Byron, K. (2008). Carrying too heavy a load? Communication and miscommunication of emotion my email. Academy of Management Review, 33, 309-327.

Pant, I., & Baroudi, B. (2008). Project management education: The human skills imperative. International Journal of Project Management, 26, 124-128. Retrieved from

Portny, S., Mantel, Jr., S. J., Meredith, J. R., Shafer, S. M., Sutton, M. M., & Kramer, B. (2008). Project management. Hoboken, NJ: John Wiley & Sons

When not to use email. (n.d.). Retrieved from

Why I Do Not Volunteer for Committees. Like, Never.

A few years ago a group of teachers who were frustrated with the level of student discipline in the building where I teach met with the administration to voice their concerns. Of course this meeting prompted the principal to form a committee, aptly named the Discipline Committee, to re-work the school discipline policy. The abject failure and accompanying waste of time that resulted from this committee is the focus of this post. I’ve struggled a little in this course finding ways to apply some of the processes outlined in the readings/videos to the work I do in public education. We don’t really use the same terminology in education that the business world uses for projects. We don’t have project teams, we have committees, and we don’t have project managers, we have committee chairpersons. Different terms, but they have similar responsibilities, I think.

The committee chair for this endeavor was a well-respected social studies teacher with a little less than 20 years of experience in the district. He had no training in project management, but due to his strong knowledge of the district and innate organizational skills, was able to do an excellent job for the most part. He held a kick-off meeting with the people who volunteered for the committee, he guided the group to set good objectives, broke the work into manageable parts, assigned roles to the committee members, and set a schedule for when the work was to be completed. While a formal Statement of Work was not completed as described by the course text, meeting minutes were kept and everyone on the committee received copies for their records (Portny et al., 2008). It was agreed that the committee was going to draft a new discipline policy that would be implemented in the following school year. The principal, although not a part of the committee, would be the final approval needed before implementation of the new policy.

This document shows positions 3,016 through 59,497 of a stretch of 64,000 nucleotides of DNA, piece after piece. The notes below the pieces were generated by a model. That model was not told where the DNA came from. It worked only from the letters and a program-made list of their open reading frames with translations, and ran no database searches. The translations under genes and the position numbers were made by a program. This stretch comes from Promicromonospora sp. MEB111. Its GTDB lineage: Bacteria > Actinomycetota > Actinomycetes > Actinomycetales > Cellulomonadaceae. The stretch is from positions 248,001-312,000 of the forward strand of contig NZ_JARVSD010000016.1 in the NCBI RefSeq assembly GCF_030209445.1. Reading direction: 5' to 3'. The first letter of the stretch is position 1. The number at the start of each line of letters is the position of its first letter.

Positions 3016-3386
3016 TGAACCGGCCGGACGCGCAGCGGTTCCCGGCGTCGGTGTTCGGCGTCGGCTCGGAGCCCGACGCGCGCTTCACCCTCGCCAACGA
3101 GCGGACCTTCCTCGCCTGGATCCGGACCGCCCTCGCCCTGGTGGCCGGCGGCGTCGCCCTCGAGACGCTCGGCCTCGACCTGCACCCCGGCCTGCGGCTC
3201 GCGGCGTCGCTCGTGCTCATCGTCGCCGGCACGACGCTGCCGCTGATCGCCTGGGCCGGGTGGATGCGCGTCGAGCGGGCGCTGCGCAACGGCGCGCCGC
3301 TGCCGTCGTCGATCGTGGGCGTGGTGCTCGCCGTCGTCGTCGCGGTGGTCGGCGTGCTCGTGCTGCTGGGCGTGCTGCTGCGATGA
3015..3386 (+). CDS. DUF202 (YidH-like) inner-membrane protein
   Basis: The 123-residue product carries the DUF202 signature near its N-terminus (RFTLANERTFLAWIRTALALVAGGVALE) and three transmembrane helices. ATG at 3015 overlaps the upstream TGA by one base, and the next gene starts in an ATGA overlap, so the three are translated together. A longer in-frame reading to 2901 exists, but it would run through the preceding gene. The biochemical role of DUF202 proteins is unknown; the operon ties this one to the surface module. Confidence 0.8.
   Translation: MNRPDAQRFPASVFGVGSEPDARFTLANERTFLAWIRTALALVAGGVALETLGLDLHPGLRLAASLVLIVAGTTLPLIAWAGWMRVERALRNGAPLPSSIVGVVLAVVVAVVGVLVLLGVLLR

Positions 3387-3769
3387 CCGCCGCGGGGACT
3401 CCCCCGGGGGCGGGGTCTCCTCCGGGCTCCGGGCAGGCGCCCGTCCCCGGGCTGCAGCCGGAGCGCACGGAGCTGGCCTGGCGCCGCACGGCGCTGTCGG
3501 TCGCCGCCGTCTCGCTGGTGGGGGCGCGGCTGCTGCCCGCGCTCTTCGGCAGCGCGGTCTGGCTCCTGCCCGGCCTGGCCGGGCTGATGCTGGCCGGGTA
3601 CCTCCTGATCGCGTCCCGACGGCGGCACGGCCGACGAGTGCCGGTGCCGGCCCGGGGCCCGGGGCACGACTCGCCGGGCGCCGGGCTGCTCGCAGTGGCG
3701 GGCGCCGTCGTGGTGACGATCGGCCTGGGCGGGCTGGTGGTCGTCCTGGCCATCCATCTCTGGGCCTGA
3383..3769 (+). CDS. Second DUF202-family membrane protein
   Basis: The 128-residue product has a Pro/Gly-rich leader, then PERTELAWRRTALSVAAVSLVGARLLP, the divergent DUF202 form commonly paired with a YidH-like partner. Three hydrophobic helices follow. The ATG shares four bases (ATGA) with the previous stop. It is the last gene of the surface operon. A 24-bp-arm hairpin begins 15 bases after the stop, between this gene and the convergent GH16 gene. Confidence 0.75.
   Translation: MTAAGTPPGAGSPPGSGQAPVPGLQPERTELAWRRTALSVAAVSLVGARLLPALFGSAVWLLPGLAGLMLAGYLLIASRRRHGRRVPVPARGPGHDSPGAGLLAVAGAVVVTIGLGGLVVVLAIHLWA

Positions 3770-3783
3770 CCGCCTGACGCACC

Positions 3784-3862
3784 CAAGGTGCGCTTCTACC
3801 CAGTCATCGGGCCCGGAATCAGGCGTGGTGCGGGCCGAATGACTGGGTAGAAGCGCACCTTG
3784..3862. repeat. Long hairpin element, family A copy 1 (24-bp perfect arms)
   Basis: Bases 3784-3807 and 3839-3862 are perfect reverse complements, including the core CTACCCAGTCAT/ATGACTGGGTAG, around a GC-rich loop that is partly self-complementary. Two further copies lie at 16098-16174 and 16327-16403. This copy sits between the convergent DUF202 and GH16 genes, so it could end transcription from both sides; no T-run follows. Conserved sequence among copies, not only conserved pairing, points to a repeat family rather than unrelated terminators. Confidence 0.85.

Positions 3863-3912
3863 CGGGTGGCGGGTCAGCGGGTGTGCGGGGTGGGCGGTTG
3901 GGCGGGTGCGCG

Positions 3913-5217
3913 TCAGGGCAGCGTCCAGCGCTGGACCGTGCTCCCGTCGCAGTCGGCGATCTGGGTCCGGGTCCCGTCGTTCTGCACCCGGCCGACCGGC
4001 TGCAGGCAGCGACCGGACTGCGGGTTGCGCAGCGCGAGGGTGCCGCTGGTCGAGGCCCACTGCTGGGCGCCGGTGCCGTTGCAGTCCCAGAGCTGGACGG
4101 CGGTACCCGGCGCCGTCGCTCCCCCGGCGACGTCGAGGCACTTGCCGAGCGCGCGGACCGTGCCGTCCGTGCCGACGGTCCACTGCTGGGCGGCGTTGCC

After three months of work, multiple meetings through the end of the school year and into the beginning of the summer, the committee produced a written discipline policy. The policy included specific rules and expectations as well as consequences for students who did not follow the rules. It was completed on time, and was presented to the principal for his approval and subsequent inclusion in the student handbook.

And that’s when the problems started. The principal, after reading through the revised policy, informed the committee that he did not have the authority to make the changes outlined in the document. He told us that it would require school board approval. This information was contrary to what the committee chair was told when he first suggested the project. Although asked about the process that would be needed to make the changes, not once did the principal tell anyone these changes would require school board approval. The board approval was not really the problem, it was the affect this had on getting the new policy into the student handbook. The new handbook needed to be sent to the printer by the end of July, and the next school board meeting was not going to happen until mid-August.